"Yes, initially there were a lot of doubts, especially from shopkeepers and local residents," says Xavi Matilla, 44, chief architect of the Barcelona city council.
He has a good view of the superblock from his office on the outskirts of Poblenou.
In the meantime everyone wanted to live inside a superilla: "We have petitions from all over Barcelona, this is very popular now".
Poblenou was the pilot project, even though the area has always had little traffic.
Matilla says the experience was necessary to better implement the innovative concept elsewhere.
"We had already learned the lesson at the Superilla around the Sant Antoni market and better involved the local residents."
The superblock has been finished there since last October.
Here, too, the TomTom data show that car traffic has fallen sharply, in the now closed Calle del Conde Borrell to only 15 percent.
Instead, twice as many cars roll through the parallel street, Calle de Viladomat, as in 2016. There, but only there, the average speed fell by 10 to 15 percent.
According to TomTom data, practically nothing has changed in the remaining streets near the superblock.
The example of Sankt Antoni shows: the traffic does not collapse because of a super villa, the effects are minor.
More than 500 new seats have been set up in the blocked-off streets, people meet and play chess.
But they still have to get used to the rules in the superblock, says a policewoman who patrols the market hall with a colleague in orange vests, clearly visible.
Electric scooters and motorcycles would often ignore the speed limit or, for short, simply cross the yellow markings on the ground that demarcate children's play areas.
Others parked their cars in front of a shop, even though it is forbidden.
The "Sagrade Familia" in the haze: the skyline of Barcelona
Photo: David Ramos / Bloomberg via Getty Images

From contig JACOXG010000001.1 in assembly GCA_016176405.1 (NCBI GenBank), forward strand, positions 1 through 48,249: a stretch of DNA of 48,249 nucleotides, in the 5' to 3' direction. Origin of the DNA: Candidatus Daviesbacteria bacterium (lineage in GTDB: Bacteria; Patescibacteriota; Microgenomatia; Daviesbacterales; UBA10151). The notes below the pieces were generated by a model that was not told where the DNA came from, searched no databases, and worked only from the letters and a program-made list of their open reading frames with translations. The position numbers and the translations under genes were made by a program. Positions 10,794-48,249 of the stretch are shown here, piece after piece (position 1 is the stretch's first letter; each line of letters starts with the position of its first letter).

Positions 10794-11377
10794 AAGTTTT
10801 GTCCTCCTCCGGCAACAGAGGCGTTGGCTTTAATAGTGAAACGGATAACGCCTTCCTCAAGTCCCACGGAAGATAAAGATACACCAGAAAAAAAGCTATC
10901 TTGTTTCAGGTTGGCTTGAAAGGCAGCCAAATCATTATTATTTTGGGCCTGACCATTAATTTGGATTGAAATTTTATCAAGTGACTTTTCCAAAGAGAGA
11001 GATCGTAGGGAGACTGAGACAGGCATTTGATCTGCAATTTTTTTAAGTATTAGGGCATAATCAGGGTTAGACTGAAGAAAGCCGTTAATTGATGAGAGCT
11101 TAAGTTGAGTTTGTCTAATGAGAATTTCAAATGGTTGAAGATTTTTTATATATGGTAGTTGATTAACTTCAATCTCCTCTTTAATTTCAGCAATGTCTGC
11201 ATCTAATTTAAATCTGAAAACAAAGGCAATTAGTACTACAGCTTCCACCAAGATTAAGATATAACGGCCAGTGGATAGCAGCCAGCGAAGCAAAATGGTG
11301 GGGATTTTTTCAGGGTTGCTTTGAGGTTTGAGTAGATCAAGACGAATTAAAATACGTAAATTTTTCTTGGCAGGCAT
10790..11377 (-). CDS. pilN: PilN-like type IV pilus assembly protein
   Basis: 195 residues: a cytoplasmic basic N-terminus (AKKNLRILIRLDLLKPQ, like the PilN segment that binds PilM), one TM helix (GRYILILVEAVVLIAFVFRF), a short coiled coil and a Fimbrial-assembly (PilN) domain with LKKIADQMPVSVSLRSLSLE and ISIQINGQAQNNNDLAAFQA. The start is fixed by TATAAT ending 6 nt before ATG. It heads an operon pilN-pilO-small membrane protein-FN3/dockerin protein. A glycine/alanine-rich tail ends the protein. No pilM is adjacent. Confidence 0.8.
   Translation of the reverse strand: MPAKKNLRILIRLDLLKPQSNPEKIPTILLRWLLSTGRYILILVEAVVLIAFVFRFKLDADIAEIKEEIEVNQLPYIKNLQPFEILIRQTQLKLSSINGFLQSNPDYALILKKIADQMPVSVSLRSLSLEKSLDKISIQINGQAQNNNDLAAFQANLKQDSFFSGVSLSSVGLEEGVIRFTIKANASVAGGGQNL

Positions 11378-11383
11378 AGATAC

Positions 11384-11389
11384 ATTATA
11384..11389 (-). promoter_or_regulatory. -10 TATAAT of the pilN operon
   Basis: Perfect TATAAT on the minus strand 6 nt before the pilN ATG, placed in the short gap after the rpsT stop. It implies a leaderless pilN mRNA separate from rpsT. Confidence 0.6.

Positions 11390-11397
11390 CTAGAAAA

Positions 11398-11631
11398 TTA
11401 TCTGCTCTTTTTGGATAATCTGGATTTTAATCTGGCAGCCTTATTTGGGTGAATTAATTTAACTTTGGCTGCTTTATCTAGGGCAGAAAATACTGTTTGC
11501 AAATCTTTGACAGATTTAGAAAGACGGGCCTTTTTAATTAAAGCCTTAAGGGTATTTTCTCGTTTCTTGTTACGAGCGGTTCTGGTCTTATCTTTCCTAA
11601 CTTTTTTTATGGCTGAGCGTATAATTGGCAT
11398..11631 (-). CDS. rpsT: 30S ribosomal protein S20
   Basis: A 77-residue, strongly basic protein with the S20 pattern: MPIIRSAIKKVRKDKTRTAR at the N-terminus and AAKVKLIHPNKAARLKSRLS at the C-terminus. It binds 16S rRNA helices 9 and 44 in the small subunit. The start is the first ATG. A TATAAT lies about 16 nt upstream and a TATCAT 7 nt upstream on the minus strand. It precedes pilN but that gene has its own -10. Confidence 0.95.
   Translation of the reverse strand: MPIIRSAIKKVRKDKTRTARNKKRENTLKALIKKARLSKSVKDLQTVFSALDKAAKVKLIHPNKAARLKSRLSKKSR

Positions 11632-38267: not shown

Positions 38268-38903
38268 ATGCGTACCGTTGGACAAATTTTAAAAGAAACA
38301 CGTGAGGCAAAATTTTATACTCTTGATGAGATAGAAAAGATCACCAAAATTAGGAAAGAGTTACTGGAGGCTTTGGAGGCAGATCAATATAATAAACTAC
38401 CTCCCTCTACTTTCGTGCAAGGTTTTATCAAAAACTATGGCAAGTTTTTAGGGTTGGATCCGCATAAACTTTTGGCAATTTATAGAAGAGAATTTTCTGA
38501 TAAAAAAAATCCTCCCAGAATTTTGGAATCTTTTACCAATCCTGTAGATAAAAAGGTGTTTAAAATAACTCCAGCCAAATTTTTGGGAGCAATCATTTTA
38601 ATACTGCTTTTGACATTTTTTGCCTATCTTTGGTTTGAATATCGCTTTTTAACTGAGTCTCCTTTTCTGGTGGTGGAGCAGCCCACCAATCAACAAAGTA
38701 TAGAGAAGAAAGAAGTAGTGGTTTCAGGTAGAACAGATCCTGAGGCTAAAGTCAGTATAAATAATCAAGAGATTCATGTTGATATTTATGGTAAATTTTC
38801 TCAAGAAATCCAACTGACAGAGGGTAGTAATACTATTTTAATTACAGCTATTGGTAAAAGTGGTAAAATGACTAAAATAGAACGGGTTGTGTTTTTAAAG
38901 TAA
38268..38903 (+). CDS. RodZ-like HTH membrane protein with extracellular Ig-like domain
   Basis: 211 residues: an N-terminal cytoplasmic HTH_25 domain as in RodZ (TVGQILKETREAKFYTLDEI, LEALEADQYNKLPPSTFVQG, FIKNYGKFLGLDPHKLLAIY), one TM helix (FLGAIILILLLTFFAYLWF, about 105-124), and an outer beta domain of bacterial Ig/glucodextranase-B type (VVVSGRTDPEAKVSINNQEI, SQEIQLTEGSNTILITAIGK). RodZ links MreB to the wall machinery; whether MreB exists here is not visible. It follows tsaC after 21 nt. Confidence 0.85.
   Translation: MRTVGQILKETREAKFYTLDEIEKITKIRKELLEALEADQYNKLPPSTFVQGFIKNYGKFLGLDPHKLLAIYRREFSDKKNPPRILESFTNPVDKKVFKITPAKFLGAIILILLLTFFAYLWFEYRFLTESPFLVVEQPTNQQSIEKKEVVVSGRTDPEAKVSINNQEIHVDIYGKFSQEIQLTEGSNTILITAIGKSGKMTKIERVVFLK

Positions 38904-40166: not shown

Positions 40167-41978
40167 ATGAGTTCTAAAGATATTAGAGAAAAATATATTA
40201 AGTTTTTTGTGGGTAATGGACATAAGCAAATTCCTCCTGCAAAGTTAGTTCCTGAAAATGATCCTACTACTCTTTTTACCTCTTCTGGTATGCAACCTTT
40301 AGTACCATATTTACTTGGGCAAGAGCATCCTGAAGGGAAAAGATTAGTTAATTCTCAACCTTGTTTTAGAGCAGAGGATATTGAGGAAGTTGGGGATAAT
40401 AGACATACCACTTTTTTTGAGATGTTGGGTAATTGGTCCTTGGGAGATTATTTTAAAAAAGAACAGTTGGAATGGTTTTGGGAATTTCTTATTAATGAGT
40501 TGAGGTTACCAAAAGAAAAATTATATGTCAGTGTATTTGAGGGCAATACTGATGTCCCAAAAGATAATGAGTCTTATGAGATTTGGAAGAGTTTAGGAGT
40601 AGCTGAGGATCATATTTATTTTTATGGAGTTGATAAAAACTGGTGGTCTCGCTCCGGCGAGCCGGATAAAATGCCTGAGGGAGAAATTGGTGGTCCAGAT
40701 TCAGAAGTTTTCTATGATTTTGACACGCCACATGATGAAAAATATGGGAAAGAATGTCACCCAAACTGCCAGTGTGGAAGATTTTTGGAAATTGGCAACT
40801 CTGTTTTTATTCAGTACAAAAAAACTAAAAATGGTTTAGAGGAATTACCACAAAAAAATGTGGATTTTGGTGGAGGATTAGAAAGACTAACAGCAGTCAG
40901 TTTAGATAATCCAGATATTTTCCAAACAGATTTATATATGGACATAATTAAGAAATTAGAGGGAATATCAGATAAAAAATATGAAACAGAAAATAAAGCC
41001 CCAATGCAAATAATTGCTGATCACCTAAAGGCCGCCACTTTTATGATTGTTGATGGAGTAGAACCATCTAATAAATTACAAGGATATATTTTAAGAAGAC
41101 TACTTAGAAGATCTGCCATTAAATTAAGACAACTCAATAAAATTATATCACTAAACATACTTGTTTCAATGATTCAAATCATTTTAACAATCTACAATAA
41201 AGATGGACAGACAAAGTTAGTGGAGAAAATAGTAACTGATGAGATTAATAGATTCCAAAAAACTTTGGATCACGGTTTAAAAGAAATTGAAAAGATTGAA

Urban planner Matilla knows that there is still a lot of mediation work to be done "for the city of the future", as he calls it.
Two more superblocks are currently being planned, and there could be around 500 of them in the end.
The fact that Barcelona is now being completely "restructured" is met with broad approval among citizens, and there is even a political consensus.
That is a topic of social justice.
Private cars only make up 20 percent of the total mobility in the city, but they use 60 percent of the streets, says Janet Sanz, who has been responsible for ecology, urbanism and mobility on the city council since 2015.
Sanz, a close confidante of the mayor, lives in the superb block of Sant Antoni, she rides her bike to work and has set herself the goal of making the city healthier.
Barcelona is on the Mediterranean Sea, the citizens spend a lot of time on the streets, so the public spaces should become people's second homes, she says.
And Corona has heightened awareness of the urgently needed traffic turnaround.
In Barcelona, too, more and more people are now using their cars instead of the subway or bicycle for fear of infection.
The flood of commuters
The plan to redesign all of Barcelona with superblocks could still succeed in the long run.
This is also due to the special structure of the metropolis: The new town, called Eixample, extension in Catalan, was already laid out in the 19th century by the architect and builder Ildefons Cerdà: In square blocks with beveled corners, with an edge length of 133 meters, divided by 20-meter-wide streets, ten meters for the lane and a five-meter-wide sidewalk on the right and left.
A homogeneous network.
Cerdà had planned green inner courtyards and wanted to limit the main traffic to four axes.
But his plan has been "perverted" by politicians in favor of cars, says urban planner Matilla.
From the eighties two quarters, Gràcia and Born, were traffic calmed - first experiences in the direction of the superblock.
In the new superblocks, the lane is now reduced to one lane.
70 percent of the entire public space is to be freed from traffic.
At the moment, a third of private vehicles come from outside the communities, which have grown rapidly over the past ten years.
In order for more and more people to say goodbye to their cars, better rail connections to the surrounding area would have to be created, Matilla admits.
There is also no city toll like in London.
How long will it all take?
The chief architect of Barcelona believes it will still be decades.
Icon: The mirror